“The Right One” is the feature screenwriting and directorial debut of Ken Mok, co-creator of “America’s Next Top Model.” (He also produced the Mark Wahlberg football flick “Invincible” and David O. Russell’s “Joy.”) The movie’s well-meaning, but misguided. It almost feels like Mok was trying to transcribe M. Night Shyamalan’s “Split” as a romantic comedy, but it’s a romantic comedy that’s lacking in both romance and comedy. The romance stalls out as Coleman and Thune – both good – don’t have palpable chemistry and the plot’s too grave to give their meet-cute any meat. The film’s funniest scene finds Thune and Koechner riffing on Blues Traveler and culminates with them playing dueling harmonicas – that’s about it for laughs. The picture’s main character may not be schizophrenic, but the flick he’s appearing in sure as shit is.

PVT Chat

★★★1/2

Reviewing “PVT Chat” (available in select theaters beginning Friday Feb. 5 and on VOD Tuesday Feb. 9) proved to be an interesting experience. The first time through I was pretty tired and fell asleep only to wake up to lead actress Julia Fox graphically masturbating. My wife entered the room as this was transpiring and exclaimed/questioned, “What in the hell are you watching?!!!” Additionally, it was hard (no pun intended) for me to pull pics for this review that didn’t include displays of dildos.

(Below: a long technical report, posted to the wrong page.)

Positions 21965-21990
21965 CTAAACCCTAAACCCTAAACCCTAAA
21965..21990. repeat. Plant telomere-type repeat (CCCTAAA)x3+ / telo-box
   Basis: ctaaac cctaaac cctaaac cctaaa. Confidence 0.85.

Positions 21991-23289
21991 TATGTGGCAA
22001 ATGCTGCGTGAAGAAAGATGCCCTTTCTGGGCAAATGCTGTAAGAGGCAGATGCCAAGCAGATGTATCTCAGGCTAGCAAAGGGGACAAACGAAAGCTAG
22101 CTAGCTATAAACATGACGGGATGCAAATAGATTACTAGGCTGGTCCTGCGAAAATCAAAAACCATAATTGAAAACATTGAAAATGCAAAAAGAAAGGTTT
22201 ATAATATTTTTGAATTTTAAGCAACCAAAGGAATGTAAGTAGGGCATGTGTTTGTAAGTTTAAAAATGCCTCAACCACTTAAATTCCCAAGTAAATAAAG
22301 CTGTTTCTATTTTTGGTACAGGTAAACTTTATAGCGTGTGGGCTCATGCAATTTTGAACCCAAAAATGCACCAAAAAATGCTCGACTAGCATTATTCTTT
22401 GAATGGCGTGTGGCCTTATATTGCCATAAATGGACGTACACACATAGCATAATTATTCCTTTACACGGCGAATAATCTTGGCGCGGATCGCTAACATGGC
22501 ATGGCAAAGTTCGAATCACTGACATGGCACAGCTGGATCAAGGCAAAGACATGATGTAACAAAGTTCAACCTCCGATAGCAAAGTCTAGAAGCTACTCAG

As you’ve probably already surmised, “PVT Chat” is very sexual in nature. I won’t lie – prurient interests drew me to the film given the subject matter and the fact that it stars Fox, who I was enamored by after seeing her breakout performance in the Safdie Brothers’ “Uncut Gems.” I was initially taken aback by just how sleazy the proceedings were (I’m no prude. I’m just unaccustomed to seeing erect penises and unsimulated masturbation in cinema.), but once I fell into the film’s rhythms it actually paid dividends for me and revealed sad truths about how some folks strive for human interaction.

Jack (Peter Vack, whipping his wang out like he’s Harvey Keitel in the early ‘90s) is a New York City-based loner who makes his living playing online Blackjack. He’s lamely/humorously referred to as Blackjack Jack at one point in the picture. When Jack’s not gambling he’s hitting up cam girls. He’s taken a particular shine to Scarlet (Fox), a dominatrix who claims to live in San Francisco and has aspirations beyond camming as a painter.

Lo and behold, Scarlet’s actually also in NYC as Jack spots her in Chinatown and proceeds to follow her around. Turns out Scarlet’s not the only one lying as Jack’s told her that he’s a successful businessman – when in reality he’s about to be evicted. Adding insult to injury, one of Jack’s only friends is Will (Kevin Moccia), the guy who’s been hired to paint the apartment for new tenants.

“PVT Chat” is written, edited, photographed and directed by Ben Hozie (he also cameos in the picture). It kinda calls to mind films such as “Sex, Lies, and Videotape” or “Secretary” (or any other movie where James Spader plays a pervert) as well as flicks by the aforementioned Safdie Brothers (the inclusion of Safdie veteran Buddy Duress as Jack’s other buddy who assists him in stalking Scarlet cements the deal). The picture very much has its roots set in the New York art scene – there’s even a subplot where Jack and his buddies attend the gallery opening of Emma (Nikki Belfiglio), a woman who’s inexplicably drawn to Jack despite the fact that he treats her like crap opting instead to fixate on Scarlet.